Monday, April 29, 2013

A Preview of RAS2D, two-dimensional modeling in HEC-RAS

Written by Aaron A. Lee | WEST Consultants
Copyright © 2013.  All rights reserved.

UPDATEHEC has asked that I no longer distribute HEC-RAS 4.2 with 2D Alpha.  Their purpose for releasing this alpha version is to get constructive feedback so that they can improve its functionality and efficiency; and to minimize bugs before the offical beta release-not to be critically compared to other established 2D software packages...yet.  So far, they have received no comments from anyone I have distributed the software to, which is very disappointing.  Please keep your eye out for the official beta release, which is due out early next calendar year some time.  You will be very impressed with its capabilities!  In the meantime, if you have been given a copy of the alpha version of RAS2D, please take a brief moment and provide some comments and/or suggestions to HEC.  User feedback is very important to their product development. 
Sorry for any inconvenience.  Chris    @RASModel

ANOTHER UPDATE.  The release of RAS2D beta is now projected to be end of February, 2014.  I'll post updates as I get them.   Chris    @RASModel

UPDATE #3.  RAS2D will now be released as a new feature in HEC-RAS Version 5.0.  There will be no official release of RAS2D under version 4.2.  The Beta version of HEC-RAS 5.0 is due to be released in the March/April 2014 timeframe. 
UPDATE #4.  Latest indications are Version 5.0 beta will be released at the end of April, and the full version will  be released at the end of the summer.
UPDATE #5 (as of May 11, 2014).  Latest indications are Version 5.0 beta will be released in 2 to 3 weeks, putting it at the end of May, early June time frame.  
UPDATE #6 (as of May 23, 2014).  Version 5.0 beta is out!!! Go get it at

I’ve gotten a chance to play around with the alpha version of HEC-RAS 4.2 and check out the program’s new two-dimensional (2D) modeling capabilities. From what I’ve seen this will be a really useful feature! Being the alpha version of RAS2D there are still features in development, and is bound to be a bit “buggy”, but it is definitely worth looking forward to. What is it?
The new build of RAS will allow users to connect 2D flow elements to a 1D river system. You will now be able to model overland areas as dynamic, 2 dimensional grids, rather than level pool storage areas. The figure below shows the 1D and 2D features together in the geometry window. clip_image002
  • The 2D area can be drawn in as a polygon (much like a storage area)
  • The grid cells are automatically generated at a user-specified size within the 2D area
  • Cells can be added, removed, or edited manually
How does it work? The 2D mesh and the 1D system are tightly coupled during an unsteady simulation. This means that water surface elevation is calculated at each XS and each grid cell for every timestep, allowing direct feedback at the connections. 2D flow areas can be linked to the 1D system the same way storage areas are. The Figure shown below is a schematic of how the 2D mesh is built, and how RAS routes flow from cell to cell. clip_image004 Upon creating the 2D mesh, you need to load a digital terrain file (.flt format). Both the pre- and post-processing steps for the 2D flow area are done through RAS Mapper.
  • RAS pre-processes the 2D mesh separately from the 1D system. During this process RAS creates an elevation-storage curve for each cell, and calculates hydraulic properties for each cell face. These hydraulic properties are similar to the cross section hydraulic properties (HTAB curves).
  • The Cell Center is where water surface elevation is computed for the whole cell.
  • Cell Faces control flow between cells by acting as a detailed XS. Station/elevation data is captured directly from the underlying terrain file.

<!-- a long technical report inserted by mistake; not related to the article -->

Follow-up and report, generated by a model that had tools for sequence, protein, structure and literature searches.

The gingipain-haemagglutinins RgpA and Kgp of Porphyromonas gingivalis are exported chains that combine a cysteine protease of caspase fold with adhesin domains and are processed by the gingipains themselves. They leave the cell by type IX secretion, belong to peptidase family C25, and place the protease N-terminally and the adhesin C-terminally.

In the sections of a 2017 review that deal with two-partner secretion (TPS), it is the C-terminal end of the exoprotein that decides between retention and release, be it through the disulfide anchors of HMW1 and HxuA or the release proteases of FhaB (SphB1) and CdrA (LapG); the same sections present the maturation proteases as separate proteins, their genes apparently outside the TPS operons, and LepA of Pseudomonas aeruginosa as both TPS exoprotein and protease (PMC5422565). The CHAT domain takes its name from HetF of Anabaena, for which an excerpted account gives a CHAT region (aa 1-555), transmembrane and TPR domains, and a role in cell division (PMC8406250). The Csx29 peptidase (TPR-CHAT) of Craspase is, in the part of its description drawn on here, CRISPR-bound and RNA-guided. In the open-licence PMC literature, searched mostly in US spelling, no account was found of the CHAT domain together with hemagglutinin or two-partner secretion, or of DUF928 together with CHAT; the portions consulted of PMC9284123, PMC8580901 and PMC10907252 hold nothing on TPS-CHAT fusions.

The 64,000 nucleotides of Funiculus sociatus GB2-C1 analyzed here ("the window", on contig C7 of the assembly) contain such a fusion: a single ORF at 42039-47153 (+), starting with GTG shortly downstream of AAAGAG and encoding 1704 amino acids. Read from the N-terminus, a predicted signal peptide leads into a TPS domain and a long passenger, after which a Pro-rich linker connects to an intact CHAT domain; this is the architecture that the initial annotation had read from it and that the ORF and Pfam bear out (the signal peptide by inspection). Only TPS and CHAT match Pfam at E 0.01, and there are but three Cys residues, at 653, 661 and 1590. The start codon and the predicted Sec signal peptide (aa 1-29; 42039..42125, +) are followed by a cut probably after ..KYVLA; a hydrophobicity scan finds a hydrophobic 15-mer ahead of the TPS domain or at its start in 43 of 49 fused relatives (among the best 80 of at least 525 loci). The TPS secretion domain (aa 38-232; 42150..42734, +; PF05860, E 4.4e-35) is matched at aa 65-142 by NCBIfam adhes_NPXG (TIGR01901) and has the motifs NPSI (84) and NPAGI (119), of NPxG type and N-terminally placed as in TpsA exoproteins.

• Cell Face Points are used for stationing to connect to a lateral structure. They also represent the ends of cell faces.
  • Manning’s n-values for each cell will be assigned by a spatially varied polygon or manually entered.
Computationally, RAS will allow the user to choose between using 2D Diffusion Wave equations (default), or the full 2D Dynamic Wave equations. Most flood applications should be adequately modeled using the Diffusion Wave equations. What are the advantages?Besides computing in 2-dimensions, the main advantage is the program’s ability to maintain computational robustness while preserving the details of the underlying terrain. Smaller features (i.e. drainage ditches) that run through large cells will be captured in the hydraulic properties of the cell faces. Therefore, these features will be preserved and accounted for both computationally and visually, even though they are smaller than the grid cell size, as demonstrated in the RAS2D output displayed in the figure below. Traditionally, many 2D models require cell size to be consistent with the size of the features to be included. Not the case with RAS2D. clip_image006 Additional advantages include:
  • Cells can be any size and shape. This allows the user to model odd-shaped features within the 2D flow area as well as provide more computational detail around areas of interest.
  • Faster computation times. RAS uses an implicit scheme to calculate water surface and flow at each XS and cell simultaneously. The implicit scheme is also more stable, which allows for larger cell sizes.
  • Detailed mapping. RAS Mapper will be able to post-process results to map depth and velocity grids on detailed terrain.
  • RAS2D will be able to utilize multiple processors (if available).

Thursday, April 18, 2013

New Forum Up!

First, let me apologize for the downtime with the previous HEC-RAS Bloggery Forum.  There were some issues with the forum hosting service.  Unfortunately, I lost all of the previous posts and comments.  The upside is that now I have much more control over content/storage. 

Please have a look at the new forum and post comments/questions/replies.  I encourage you all to register to the forum and don't worry, no spam!  You can get to the forum by clicking on the page link above titled "Forum" or by pasting this web address in your internet browser:  There is also a link to the right in the "Welcome" section. 

Since undoubtedly, many of the previous forum commentors will be wondering where the old forum went, please help me spread the word about this new forum.



Tuesday, April 9, 2013

Dam Breach Class Boston, MA May 1-3, 2013

Written by Chris Goodell | WEST Consultants